Our Summer 2018 Issue

On behalf of the Comparative Advantage Editorial Board, we are honored to present the sixth volume, Summer Issue of the Stanford Undergraduate Economics Journal. Through the years, Comparative Advantage has changed and expanded to include an online blog in addition to our bi-yearly issues, staying true to our mission of providing students a platform to showcase their economic prowess. We are proudly run by undergraduate students … Continue reading Our Summer 2018 Issue

Purchasing Policy: The Effect of Political Action Committee Campaign Contributions from the Agribusiness Sector on Support Mechanisms for Individual Crop and Product Producers

By Rebecca Sobel, Princeton University

In this paper, I analyze data on agricultural producer support mechanisms and agribusiness Political Action Committee campaign contributions from 1998 to 2016 to deter- mine the extent to which lobbying on behalf of any particular crop or agricultural product is translated into government transfers back to its producers. I proceed with … Continue reading Purchasing Policy: The Effect of Political Action Committee Campaign Contributions from the Agribusiness Sector on Support Mechanisms for Individual Crop and Product Producers

BLOG: Employment Effects of Minimum Wage Increases – A Matched Pairs Design Using US Data

By Eric Karsten, Chong An Ong, Immanuel Adriana Rakshana, and Arushi Saksena, University of Chicago 

The minimum wage is a contentious issue, with proponents arguing that it is required to protect the wage security of low-income earners, and opponents arguing that it places downwards pressure on employment in the labor market. Our paper uses a differences in differences regression model, similar to the one used in Card & Krueger(1993) to estimate the unemployment effects of a minimum wage increase. Continue reading BLOG: Employment Effects of Minimum Wage Increases – A Matched Pairs Design Using US Data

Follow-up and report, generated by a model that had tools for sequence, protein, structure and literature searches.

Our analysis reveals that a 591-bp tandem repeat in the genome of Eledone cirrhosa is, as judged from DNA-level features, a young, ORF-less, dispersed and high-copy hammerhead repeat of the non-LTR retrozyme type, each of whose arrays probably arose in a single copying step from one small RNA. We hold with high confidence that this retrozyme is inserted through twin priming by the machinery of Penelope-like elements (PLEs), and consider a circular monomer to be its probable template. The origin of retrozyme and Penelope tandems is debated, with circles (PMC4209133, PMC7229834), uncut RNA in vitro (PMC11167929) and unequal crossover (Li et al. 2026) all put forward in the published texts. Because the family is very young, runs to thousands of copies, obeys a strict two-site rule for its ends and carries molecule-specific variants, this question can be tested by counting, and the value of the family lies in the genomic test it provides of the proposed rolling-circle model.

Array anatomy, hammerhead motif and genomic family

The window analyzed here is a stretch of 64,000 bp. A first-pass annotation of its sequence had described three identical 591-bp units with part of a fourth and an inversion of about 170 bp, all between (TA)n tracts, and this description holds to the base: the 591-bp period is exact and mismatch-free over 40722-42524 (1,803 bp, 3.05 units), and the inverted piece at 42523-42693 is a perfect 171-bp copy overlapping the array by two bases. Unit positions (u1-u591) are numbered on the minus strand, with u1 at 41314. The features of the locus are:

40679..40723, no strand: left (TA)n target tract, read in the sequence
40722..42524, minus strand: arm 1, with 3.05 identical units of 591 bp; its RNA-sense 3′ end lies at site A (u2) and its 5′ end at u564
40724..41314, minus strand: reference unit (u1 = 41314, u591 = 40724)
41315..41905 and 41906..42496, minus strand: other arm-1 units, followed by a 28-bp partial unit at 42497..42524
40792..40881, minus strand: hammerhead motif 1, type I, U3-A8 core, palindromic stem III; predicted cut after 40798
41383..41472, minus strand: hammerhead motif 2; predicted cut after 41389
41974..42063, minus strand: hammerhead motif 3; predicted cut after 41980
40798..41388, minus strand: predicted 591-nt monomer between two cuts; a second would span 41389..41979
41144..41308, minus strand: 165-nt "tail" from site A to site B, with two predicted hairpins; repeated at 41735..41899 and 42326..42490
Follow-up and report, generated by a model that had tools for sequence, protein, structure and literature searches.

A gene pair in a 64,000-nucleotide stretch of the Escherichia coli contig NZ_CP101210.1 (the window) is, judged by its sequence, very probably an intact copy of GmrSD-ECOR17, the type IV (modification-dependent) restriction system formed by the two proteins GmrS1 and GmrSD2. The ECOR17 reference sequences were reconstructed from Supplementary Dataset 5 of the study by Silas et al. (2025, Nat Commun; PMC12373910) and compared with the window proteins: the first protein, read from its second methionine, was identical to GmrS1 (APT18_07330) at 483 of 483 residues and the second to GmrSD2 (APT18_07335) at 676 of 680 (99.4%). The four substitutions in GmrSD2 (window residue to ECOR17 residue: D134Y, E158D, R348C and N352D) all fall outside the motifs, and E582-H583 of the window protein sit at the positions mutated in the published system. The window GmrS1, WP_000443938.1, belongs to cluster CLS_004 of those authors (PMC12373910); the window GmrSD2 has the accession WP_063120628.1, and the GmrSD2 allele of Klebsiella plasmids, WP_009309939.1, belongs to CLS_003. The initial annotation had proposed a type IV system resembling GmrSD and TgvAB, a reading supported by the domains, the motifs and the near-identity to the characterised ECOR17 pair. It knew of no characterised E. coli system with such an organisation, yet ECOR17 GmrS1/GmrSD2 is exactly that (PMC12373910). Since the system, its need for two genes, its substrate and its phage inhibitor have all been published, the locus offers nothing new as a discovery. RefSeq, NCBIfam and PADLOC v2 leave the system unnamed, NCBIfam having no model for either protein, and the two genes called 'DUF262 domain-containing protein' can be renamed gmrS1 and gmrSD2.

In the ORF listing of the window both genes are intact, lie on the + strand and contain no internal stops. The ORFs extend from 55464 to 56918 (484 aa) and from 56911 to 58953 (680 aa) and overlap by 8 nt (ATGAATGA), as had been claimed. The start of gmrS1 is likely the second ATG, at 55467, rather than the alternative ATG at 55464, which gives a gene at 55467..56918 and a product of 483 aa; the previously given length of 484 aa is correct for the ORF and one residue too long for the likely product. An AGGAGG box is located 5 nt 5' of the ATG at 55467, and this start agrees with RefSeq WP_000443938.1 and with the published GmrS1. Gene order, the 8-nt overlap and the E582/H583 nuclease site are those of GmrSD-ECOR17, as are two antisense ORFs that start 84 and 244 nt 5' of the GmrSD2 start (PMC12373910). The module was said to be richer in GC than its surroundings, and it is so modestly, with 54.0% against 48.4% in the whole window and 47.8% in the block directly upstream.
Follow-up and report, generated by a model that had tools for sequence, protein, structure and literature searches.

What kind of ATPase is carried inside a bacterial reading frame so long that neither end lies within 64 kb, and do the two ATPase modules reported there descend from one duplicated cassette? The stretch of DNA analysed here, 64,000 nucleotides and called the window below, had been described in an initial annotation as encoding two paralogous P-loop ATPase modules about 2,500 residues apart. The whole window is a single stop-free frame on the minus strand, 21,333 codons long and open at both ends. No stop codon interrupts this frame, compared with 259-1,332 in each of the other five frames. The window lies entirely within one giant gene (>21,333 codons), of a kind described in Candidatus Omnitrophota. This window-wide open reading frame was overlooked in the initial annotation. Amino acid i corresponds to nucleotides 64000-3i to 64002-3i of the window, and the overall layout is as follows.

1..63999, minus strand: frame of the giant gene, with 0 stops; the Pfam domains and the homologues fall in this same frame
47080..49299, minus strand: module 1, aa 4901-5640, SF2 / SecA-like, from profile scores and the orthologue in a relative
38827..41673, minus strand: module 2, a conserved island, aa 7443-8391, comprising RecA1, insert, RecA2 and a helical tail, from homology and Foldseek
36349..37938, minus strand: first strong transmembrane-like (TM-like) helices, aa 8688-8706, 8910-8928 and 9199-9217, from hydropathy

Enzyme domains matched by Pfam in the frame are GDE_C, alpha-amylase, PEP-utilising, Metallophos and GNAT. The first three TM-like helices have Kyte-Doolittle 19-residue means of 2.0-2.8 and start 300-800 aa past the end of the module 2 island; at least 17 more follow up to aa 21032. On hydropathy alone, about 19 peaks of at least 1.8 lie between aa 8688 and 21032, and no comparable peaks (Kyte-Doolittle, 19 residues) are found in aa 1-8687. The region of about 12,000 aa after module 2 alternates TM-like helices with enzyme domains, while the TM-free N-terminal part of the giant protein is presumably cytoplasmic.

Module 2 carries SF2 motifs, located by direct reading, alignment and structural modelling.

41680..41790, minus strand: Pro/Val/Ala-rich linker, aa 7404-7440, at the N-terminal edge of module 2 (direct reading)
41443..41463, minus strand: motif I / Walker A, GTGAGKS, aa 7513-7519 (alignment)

The Economic Impact of Psychological Distress on Former Child Soldiers

By Jonathan Kaufmann, American University

While previous research demonstrates a significant negative relationship between post-traumatic stress disorder and earnings among adult veterans in the United States, a similar connection for children in developing nations has not been established. The literature indicates that both endogeneity and sample-selection biases are inherent in this relationship. This paper used Continue reading The Economic Impact of Psychological Distress on Former Child Soldiers

BLOG: Expert Opinion and Restaurant Pricing: Quantifying the Value of a Michelin Star

By Carly Shin, The George Washington University.

This paper investigates the relationship between expert ratings and the restaurant market. Specifically, this paper aims to broaden our understanding of the experience goods markets by looking at the effects of both having an expert-awarded Michelin star and earning or losing a Michelin star on New York City restaurant prices. Continue reading BLOG: Expert Opinion and Restaurant Pricing: Quantifying the Value of a Michelin Star

BLOG: Is Finance Making Geography Increasingly Insignificant?

By Yuxiang Hou, College of William and Mary

This paper attempts to revisit “the end of geography” debate by incorporating both established theoretical frameworks and the latest empirical evidence. It argues that for five reasons finance is not making geography increasingly insignificant. However, in the long run, things may be different. Continue reading BLOG: Is Finance Making Geography Increasingly Insignificant?